About half-way through the book I realized two things: first, the characters populating Rowling’s suburban Pagford were an entirely depressing lot, and that Rowling had no intention of revealing their better selves. After that I realized that probably this microscopic (and yes, often tedious) examination of the complex nuances of their tragic faults was essential, and without it the climax would not resonate. I decided I was willing to give Rowling the benefit of the doubt, and stick it out. I'm glad I did. Rowling is an extraordinarily gifted observer of the human condition – a talent that gave the HP books their edge, and this story its raison d'etre. With deft and unaffected details she peels away layer upon layer of each character's social facade to reveal deep inherent flaws and their painful origins. Those observations are at once brutally unapologetic and dispassionately expository. Without them, the "casual vacancy," (both the literal and metaphorical) at the heart of the story would lose its potency. Like a reverse denouement, the myriad layers of minutia are gradually piled high enough to provide a vantage point necessary for the reader to fully appreciate the tragedies that bookend the story. When the climax is reached, there is nowhere to look except back at that pile of ignobility, and realize that, while the first tragedy was an act of fate, the second could only have been the product of everyone’s worst selves working in concert. It's a point worth making. If you want a happy ending, this is not your story. If you can take your truth in the bare-stripped, relentless, and brilliantly revelatory flavor, and are not uncomfortable contemplating life’s bitter lessons, read on.
Tom Hollander's reading was without flaw. His gave vibrant believability to each character without gratuitous dramatization, or a single narrative misstep. I was astonished when, two-thirds of the way through the book, I realized I had not once “noticed” his narration at all – which is, for me, the highest praise. He moved so seamlessly in and out of characters, that between his narration and the utterly authentic and unfiltered voice that Rowling bestows to each character, I felt a little like a demon, occupying each soul in the scene at will.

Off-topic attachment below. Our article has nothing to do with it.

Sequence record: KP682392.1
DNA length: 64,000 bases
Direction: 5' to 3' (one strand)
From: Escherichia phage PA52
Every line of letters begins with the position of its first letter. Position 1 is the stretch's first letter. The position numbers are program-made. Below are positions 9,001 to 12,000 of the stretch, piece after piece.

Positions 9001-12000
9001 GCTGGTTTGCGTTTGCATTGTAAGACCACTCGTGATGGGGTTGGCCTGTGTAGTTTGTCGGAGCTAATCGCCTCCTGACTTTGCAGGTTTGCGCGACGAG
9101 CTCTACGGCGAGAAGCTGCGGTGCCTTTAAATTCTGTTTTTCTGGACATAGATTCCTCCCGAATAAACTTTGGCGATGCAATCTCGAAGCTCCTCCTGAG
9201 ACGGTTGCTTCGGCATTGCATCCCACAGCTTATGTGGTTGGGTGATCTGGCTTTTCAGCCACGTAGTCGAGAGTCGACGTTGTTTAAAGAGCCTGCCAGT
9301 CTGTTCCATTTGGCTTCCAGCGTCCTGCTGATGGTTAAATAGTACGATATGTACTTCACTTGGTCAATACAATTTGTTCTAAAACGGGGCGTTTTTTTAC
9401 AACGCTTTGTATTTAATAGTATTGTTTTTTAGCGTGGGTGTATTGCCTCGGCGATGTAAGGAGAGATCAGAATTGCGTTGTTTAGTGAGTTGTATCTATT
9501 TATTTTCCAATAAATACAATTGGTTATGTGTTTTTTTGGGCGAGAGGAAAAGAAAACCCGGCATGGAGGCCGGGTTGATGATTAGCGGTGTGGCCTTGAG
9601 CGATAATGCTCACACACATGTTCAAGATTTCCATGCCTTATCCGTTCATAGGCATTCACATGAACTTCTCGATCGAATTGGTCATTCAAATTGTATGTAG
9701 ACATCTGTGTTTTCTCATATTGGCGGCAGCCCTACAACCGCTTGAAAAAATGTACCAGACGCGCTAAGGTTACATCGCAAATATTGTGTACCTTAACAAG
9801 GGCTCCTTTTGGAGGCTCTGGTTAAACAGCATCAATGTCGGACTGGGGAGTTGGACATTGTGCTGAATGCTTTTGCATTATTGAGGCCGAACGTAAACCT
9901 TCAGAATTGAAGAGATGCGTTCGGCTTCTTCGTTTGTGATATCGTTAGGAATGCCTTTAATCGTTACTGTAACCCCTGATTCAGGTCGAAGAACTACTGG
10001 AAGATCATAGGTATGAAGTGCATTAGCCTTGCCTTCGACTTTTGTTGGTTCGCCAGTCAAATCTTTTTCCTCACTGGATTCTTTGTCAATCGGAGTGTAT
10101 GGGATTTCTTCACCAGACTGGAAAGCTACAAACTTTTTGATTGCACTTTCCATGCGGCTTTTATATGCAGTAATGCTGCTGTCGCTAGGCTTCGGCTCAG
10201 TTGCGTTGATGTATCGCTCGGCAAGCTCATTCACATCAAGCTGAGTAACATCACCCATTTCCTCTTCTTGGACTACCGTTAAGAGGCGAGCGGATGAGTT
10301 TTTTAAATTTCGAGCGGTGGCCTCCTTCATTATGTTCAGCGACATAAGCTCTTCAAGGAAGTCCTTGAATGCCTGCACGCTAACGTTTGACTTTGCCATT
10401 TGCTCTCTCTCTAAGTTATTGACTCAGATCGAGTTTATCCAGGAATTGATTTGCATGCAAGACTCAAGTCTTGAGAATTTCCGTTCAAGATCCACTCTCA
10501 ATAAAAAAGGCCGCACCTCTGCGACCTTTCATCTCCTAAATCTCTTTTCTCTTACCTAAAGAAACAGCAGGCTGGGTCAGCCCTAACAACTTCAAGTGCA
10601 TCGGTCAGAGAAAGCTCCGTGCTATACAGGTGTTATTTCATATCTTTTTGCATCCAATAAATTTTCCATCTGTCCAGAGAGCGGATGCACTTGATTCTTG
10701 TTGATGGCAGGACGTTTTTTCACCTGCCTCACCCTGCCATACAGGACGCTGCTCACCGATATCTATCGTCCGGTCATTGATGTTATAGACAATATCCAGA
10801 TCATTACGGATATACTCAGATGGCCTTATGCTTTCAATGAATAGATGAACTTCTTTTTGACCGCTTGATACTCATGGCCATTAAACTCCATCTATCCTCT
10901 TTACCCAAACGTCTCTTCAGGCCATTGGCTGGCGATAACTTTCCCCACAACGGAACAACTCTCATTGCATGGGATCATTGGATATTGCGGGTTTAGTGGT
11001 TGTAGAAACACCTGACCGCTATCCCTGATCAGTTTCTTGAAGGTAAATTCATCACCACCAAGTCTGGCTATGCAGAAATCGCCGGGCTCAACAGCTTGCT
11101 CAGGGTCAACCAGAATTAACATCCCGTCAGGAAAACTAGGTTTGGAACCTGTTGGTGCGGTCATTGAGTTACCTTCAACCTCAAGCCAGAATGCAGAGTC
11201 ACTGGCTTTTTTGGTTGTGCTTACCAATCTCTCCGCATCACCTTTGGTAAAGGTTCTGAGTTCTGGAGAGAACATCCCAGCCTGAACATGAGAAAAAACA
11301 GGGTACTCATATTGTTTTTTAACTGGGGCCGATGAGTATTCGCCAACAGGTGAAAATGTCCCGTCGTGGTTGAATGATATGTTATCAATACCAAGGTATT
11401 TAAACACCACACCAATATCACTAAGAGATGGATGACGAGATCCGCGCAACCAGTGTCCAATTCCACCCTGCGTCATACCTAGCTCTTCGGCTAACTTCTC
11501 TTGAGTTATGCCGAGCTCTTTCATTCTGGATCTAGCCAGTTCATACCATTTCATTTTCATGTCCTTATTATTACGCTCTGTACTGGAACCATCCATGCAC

Without commentary or editorial, Rowling reveals quotidian, suburban, predictable little Pagford, with all its pain and pathos laid bare, to be a microcosm of the stagnant social unconsciousness in which quiet tragedies are steeped. To view it so vividly and immersively was both unnerving and profound. I won’t soon forget this book.
This story of the WWII occupied Channel Island of Guernsey is pleasantly conveyed by the exchange of letters between the protagonist who discovers it, and the inhabitants who survived it. Admittedly I fell in love with these characters by virtue of our shared experience: the unexpected joy of finding yourself in books. An indomitable heroine, an occupying army, a need for distraction, and a dearth of reading material produce some endearing insights to the human condition from the unlikely members of a make-shift reading group. The device of the letters to and from a quirky, if slightly predictable cast of characters reveals the dynamics inherent to a small, insular community, making the disruption of enemy occupation all the more painful. The narrators were pitch-perfect with just enough local flavor to transport you to time and place. The love story used to resolve the plot was facile and unsatisfactory, but impinged only slightly on the thoroughly enjoyable experience of sharing a good read with some unlikely cohorts.
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